“Don’t let New York’s wineries soar”
US Senator Charles E. Schumer in a meeting with industry officials from Finger Lakes Winery at Three Brothers Winery in Seneca County recently announced his willingness to secure additional funding for Finger Lakes wineries hard hit by the effects of the ongoing pandemic, including the bipartisan Emergency Injury Disaster Loans Act (EIDL) for Small Businesses in upcoming “COVID-4” legislation. The EIDL for Small Business would provide a total of $ 180 billion in additional credit for the EIDL program – $ 100 billion for the loan program and $ 80 billion for the Advance Grants program – would lift the cap of 150,000 $ imposed by the SBA on EIDL loans to enable the grant can reach $ 2 million and eliminate the SBA policy of providing $ 1,000 per employee for EIDL Advance grants to ensure that all loan applicants receive the grant. entire grant of $ 10,000 created by the CARES Act. This proposal would also retroactively provide wineries that have already received loans and grants from the program the full amount they would have been eligible for had the SBA restrictions not been in place. These additional funds will be allocated without the need to provide additional documentation.
By mid-July, the EIDL Advance grant program ran out of funds, so small businesses can no longer benefit from this financial relief until the program is recapitalized. Small businesses in New York State have received over $ 1.3 billion in EIDL Advance grants and over $ 16.5 billion in EIDL loans. Hundreds of small businesses across the Finger Lakes applied for and received EIDL funding before the funding ran out, including about 120 businesses in Seneca County and dozens of Finger Lakes wineries and related tourism businesses. Schumer explained that since New York is one of the top 3 wine producers in the country and 90% of the state’s wine is produced in the Finger Lakes, the region has been particularly devastated by the sharp drop in wine tourism and demand for restaurants.
“As the Finger Lakes region reopens and begins to carefully rebuild itself from the pandemic, the federal government should do everything in its power to bottle additional relief for wine producers who are creating jobs in the region. their communities and are essential to the fabric of New York, ”said Senator Schumer. “Many local New York wineries are suffering from the pandemic, and the Senate must act immediately to get them the federal support they need to weather the economic crisis. “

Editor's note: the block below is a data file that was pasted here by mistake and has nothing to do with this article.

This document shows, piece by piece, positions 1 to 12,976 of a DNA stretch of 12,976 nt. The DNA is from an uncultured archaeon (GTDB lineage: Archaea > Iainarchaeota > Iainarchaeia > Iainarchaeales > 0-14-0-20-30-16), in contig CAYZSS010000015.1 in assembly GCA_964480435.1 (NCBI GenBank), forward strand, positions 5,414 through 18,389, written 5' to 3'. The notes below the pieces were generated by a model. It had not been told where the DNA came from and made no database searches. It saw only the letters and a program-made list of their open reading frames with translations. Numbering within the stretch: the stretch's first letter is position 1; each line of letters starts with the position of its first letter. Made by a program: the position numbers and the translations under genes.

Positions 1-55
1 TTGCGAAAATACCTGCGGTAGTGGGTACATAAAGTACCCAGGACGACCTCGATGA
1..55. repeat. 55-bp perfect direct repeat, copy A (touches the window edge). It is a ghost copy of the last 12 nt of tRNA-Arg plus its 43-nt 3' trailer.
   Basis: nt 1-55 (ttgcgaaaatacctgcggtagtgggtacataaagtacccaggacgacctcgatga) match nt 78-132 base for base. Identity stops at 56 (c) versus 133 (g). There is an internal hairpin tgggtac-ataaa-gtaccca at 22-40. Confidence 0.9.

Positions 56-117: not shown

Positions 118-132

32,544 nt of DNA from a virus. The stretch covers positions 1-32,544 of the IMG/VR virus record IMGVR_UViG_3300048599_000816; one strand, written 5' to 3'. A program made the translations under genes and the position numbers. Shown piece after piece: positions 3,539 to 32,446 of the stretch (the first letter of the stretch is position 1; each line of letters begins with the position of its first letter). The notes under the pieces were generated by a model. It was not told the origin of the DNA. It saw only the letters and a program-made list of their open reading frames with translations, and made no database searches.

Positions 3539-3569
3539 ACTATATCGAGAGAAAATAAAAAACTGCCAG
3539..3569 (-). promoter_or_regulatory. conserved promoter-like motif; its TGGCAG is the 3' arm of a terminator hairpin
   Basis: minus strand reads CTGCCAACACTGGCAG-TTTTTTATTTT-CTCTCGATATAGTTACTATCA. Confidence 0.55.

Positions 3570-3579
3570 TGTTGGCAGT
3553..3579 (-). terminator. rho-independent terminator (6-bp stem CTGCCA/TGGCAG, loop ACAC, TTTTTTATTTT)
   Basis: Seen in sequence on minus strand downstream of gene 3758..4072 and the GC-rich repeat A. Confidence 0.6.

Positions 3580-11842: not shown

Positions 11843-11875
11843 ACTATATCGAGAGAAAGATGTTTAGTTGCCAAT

Schumer explained that many wineries were initially barred from receiving an EIDL loan and advance grant. In many cases, the SBA has refused wineries and vineyards that have applied on the grounds that they are farming businesses. As a result, Schumer secured a provision to address this issue in the Interim “COVID 3.5” Pandemic Relief Bill which ultimately allowed agricultural businesses, wineries, wineries and farms to be eligible. to EIDL programs. By the time wineries and other farming businesses realized they could now apply after the “COVID 3.5” eligibility patch, the EIDL Advance grant program was running out of funding and the SBA had capped loan amounts.
Schumer said Finger Lakes wineries particularly rely on the revenue generated by visitors who typically flock to their tasting rooms by bus. But current restrictions on visitor capacity caused by the pandemic are reducing that revenue as wineries are forced to incur new costs for PPE and other safety upgrades.
“Without federal dollars, the additional costs of PPE and safety procedures to keep workers healthy and safe in addition to already declining revenues could be overwhelming, especially for small wineries. That’s why we need to take action on ‘COVID-4’ and commit to saving our Finger Lakes wineries from exhaustion, ”Schumer added.
In 2019, New York’s wine industry accounted for 71,950 jobs. Additionally, wine consumption in New York City generated $ 179.37 million in state and local taxes, and the industry itself paid $ 1.12 billion in state and local taxes, totaling nearly $ 1.3 billion for New York State and its communities in a single year. Before COVID, the wine industry also attracted 4.71 million tourists per year, generating $ 1.8 billion for the surrounding region.
Jim Trezise, President of WineAmerica, said, “Senator Schumer’s leadership on the EIDL program is just the latest example of his decades-long support for the US grape and wine industry. This initiative could give a real boost to small wineries decimated by the Covid-19 crisis, just like the restaurant bill that it strongly supports. We are very grateful for his defense of our industry.
The bipartite EIDL law for small businesses will:
• Provide $ 100 billion in credits for the EIDL loan program;
• Provide $ 80 billion in credits for the EIDL Advance grant program;
• Prohibit the US Small Business Administration (SBA) from imposing limits below $ 2 million on loans in the event of economic disasters;
• Prohibit the SBA administrator from imposing limits in advance of EIDL and all eligible small businesses will receive the full $ 10,000 grant, regardless of size;
• Require that EIDL Advance grants be disbursed to eligible small businesses within three business days of application and not be conditional on approval of the EIDL loan;
• Require the SBA to provide current EIDL borrowers and former EIDL Advance commercial beneficiaries to retroactively receive, before caps are placed, additional support without the need for additional documentation;
• Require the SBA to submit a monthly report to the House and Senate committees on small business and credit on 1) the state of the disaster loan account, including bonds, allowances and undistributed / unallocated amounts; 2) allowances, obligations and expenses for all open disasters; and 3) an estimate of when the available funds will be exhausted.